Carfilzomib-Induced Thrombotic Microangiopathy: Focus on Pathogenesis

Odianosen Eigbire-Molen, Daniela Hermelin, Douglas Blackall


Drug-induced thrombotic microangiopathies present in similar fashion but have varied pathogenic mechanisms. Carfilzomib is an irreversible proteasome inhibitor. Since its initial approval as a single agent for the treatment of relapsed or refractory multiple myeloma in 2012, there have been increasing reports of carfilzomib-induced thrombotic microangiopathy. However, the mechanism of this disease process is not fully understood. Without treatment, there is a high likelihood of end-organ damage, especially in the kidneys, and death. In recent reports, the lifesaving role of eculizumab, a terminal complement inhibitor, in managing and further preventing end-stage renal disease has been described. In this article, we present a case of carfilzomib-induced thrombotic microangiopathy in a patient with multiple myeloma and discuss the pathogenesis of thrombotic microangiopathy in this setting.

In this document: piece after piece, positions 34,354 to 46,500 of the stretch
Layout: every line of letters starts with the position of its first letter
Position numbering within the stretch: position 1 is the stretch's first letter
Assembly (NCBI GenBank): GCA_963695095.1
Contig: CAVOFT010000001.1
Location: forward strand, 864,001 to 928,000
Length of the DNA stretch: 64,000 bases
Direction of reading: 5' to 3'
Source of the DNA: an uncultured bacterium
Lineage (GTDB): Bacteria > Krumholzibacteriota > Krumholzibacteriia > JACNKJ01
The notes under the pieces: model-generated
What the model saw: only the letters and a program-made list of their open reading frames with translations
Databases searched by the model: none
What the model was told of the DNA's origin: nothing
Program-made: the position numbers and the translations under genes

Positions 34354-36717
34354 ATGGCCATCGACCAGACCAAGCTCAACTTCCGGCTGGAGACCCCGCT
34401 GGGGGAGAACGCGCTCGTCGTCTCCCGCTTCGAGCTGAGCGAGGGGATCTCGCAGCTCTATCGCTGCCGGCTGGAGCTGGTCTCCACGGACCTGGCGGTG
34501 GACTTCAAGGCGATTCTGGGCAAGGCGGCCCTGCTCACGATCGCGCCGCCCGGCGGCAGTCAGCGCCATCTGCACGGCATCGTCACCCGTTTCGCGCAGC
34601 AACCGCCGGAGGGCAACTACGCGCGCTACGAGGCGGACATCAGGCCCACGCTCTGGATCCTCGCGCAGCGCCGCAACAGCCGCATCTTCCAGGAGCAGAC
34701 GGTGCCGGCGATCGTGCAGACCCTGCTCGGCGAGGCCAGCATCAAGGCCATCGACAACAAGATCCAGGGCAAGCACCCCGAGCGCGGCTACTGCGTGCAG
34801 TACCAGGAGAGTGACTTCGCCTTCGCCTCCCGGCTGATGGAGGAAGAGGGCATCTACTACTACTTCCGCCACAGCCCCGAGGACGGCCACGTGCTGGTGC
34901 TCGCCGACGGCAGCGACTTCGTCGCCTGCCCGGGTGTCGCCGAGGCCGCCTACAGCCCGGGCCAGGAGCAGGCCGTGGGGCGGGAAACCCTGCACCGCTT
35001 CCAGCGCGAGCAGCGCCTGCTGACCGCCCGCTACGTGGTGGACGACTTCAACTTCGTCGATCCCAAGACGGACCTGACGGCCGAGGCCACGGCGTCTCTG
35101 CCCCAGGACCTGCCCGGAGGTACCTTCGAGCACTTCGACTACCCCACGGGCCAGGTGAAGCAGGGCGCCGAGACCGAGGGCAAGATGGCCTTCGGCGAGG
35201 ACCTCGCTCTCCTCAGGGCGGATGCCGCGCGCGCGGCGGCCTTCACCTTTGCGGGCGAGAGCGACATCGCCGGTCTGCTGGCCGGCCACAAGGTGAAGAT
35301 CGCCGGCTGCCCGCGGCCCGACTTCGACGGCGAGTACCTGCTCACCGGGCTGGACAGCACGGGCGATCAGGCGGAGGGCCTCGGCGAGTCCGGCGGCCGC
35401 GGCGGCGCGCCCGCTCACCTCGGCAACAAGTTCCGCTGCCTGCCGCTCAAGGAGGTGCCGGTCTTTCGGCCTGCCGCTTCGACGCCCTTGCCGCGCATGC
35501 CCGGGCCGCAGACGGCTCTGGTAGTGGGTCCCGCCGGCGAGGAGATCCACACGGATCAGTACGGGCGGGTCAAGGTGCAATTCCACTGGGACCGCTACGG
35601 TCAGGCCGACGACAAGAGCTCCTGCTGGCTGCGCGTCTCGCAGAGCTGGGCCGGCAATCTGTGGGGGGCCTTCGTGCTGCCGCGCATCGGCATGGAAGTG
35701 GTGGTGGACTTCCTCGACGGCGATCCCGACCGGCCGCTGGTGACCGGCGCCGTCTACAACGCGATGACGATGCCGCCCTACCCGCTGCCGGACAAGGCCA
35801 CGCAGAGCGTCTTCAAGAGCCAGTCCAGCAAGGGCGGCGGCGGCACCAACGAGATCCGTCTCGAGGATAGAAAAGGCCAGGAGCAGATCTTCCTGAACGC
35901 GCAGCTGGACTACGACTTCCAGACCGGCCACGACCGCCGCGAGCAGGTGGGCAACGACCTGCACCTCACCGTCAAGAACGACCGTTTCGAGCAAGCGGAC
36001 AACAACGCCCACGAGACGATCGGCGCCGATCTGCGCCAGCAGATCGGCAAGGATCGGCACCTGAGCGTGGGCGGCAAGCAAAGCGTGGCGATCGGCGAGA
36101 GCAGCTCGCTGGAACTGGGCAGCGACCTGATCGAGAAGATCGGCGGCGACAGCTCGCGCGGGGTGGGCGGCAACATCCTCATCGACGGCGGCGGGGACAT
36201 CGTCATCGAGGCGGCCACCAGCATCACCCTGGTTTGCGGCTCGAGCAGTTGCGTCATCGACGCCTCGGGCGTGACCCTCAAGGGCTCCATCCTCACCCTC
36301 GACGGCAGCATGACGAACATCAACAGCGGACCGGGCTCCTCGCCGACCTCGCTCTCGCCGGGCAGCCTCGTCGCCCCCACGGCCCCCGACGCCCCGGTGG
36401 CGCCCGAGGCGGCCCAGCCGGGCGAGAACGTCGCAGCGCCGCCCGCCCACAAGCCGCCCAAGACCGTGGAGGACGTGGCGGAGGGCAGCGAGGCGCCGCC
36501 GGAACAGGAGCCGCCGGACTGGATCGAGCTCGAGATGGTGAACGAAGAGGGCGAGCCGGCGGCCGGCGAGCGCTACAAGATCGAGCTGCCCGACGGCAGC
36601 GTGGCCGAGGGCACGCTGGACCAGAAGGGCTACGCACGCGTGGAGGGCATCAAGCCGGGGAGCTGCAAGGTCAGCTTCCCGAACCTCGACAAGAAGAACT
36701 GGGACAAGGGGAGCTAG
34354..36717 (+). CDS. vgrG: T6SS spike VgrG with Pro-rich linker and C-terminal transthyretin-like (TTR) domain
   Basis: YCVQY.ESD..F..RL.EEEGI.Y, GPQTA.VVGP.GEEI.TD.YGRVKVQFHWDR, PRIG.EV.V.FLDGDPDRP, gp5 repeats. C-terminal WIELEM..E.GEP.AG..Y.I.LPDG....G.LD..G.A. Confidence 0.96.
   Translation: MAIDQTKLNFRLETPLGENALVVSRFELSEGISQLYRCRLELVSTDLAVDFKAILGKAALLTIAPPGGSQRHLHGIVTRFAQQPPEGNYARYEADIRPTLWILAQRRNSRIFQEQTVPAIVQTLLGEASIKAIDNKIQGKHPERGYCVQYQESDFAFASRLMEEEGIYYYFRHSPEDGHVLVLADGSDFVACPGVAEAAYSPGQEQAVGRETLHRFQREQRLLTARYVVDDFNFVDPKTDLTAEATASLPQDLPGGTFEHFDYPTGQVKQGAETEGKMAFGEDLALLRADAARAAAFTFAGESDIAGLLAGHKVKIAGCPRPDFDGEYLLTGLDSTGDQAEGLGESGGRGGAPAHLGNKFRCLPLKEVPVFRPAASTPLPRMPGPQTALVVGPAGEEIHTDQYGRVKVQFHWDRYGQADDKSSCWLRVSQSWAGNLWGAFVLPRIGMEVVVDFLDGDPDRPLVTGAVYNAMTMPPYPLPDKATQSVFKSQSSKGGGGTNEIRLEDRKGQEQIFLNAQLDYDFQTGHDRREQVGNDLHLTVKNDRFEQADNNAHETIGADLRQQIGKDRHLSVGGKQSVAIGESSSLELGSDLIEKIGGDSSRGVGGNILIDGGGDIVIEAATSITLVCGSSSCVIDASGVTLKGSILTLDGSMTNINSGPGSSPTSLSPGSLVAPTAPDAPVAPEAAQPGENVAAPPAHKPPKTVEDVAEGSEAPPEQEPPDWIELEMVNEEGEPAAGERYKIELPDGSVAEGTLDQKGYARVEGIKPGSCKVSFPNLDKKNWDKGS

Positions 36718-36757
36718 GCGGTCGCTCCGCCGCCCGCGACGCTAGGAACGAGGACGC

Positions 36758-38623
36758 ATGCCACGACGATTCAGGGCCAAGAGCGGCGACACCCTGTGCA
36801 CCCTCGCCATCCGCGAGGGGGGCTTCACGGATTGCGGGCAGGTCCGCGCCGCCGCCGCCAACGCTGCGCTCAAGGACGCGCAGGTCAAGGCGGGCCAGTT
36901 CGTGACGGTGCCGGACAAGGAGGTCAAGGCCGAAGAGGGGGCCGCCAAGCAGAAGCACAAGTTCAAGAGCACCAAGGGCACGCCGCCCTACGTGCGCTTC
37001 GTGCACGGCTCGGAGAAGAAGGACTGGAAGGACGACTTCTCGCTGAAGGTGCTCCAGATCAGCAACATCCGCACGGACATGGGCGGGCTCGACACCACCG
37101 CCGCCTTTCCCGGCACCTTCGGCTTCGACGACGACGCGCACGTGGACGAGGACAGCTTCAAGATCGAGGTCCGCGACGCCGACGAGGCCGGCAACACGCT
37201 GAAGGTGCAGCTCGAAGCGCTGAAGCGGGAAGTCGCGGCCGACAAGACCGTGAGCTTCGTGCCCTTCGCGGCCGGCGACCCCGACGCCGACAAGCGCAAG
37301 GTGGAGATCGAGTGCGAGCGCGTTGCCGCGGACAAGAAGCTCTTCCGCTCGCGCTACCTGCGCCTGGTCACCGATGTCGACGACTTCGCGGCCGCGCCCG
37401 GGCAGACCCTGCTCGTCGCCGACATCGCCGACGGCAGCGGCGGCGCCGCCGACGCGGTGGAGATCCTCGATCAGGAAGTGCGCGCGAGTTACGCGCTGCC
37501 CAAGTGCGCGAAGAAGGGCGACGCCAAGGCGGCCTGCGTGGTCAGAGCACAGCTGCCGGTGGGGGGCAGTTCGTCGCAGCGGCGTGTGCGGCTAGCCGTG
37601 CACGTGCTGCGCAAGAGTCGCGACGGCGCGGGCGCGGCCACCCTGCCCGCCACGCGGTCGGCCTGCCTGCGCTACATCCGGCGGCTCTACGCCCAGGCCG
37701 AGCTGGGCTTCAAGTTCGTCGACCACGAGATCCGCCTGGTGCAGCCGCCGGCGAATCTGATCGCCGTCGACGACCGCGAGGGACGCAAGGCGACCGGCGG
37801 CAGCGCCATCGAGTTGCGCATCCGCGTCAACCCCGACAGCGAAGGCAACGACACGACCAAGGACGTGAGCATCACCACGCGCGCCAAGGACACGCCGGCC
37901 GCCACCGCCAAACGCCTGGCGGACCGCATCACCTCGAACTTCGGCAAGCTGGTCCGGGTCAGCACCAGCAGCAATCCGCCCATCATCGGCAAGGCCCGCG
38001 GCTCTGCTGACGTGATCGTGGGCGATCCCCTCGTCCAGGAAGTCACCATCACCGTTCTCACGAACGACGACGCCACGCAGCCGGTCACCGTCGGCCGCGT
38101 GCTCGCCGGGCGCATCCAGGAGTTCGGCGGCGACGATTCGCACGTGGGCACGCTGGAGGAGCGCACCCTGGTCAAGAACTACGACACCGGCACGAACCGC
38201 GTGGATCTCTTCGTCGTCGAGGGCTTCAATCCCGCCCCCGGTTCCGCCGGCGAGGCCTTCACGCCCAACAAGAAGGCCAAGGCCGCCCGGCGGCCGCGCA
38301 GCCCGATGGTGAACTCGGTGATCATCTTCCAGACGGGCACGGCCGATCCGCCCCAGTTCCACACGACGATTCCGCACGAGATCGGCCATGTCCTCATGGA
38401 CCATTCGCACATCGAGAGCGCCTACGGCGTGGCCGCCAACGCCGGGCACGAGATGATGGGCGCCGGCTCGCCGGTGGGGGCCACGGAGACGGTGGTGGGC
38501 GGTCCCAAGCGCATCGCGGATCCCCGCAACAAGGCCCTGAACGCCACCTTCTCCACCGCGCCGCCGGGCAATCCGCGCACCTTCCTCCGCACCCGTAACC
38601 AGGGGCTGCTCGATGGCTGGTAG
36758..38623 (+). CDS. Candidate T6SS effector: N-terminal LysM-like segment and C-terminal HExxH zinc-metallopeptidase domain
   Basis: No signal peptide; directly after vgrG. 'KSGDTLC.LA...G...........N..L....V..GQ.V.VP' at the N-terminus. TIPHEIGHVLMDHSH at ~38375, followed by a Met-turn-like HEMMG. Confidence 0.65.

J Med Cases. 2022;13(6):274-280


Carfilzomib; Thrombotic microangiopathy; Therapeutic plasma exchange; Eculizumab; Atypical hemolytic uremia syndrome

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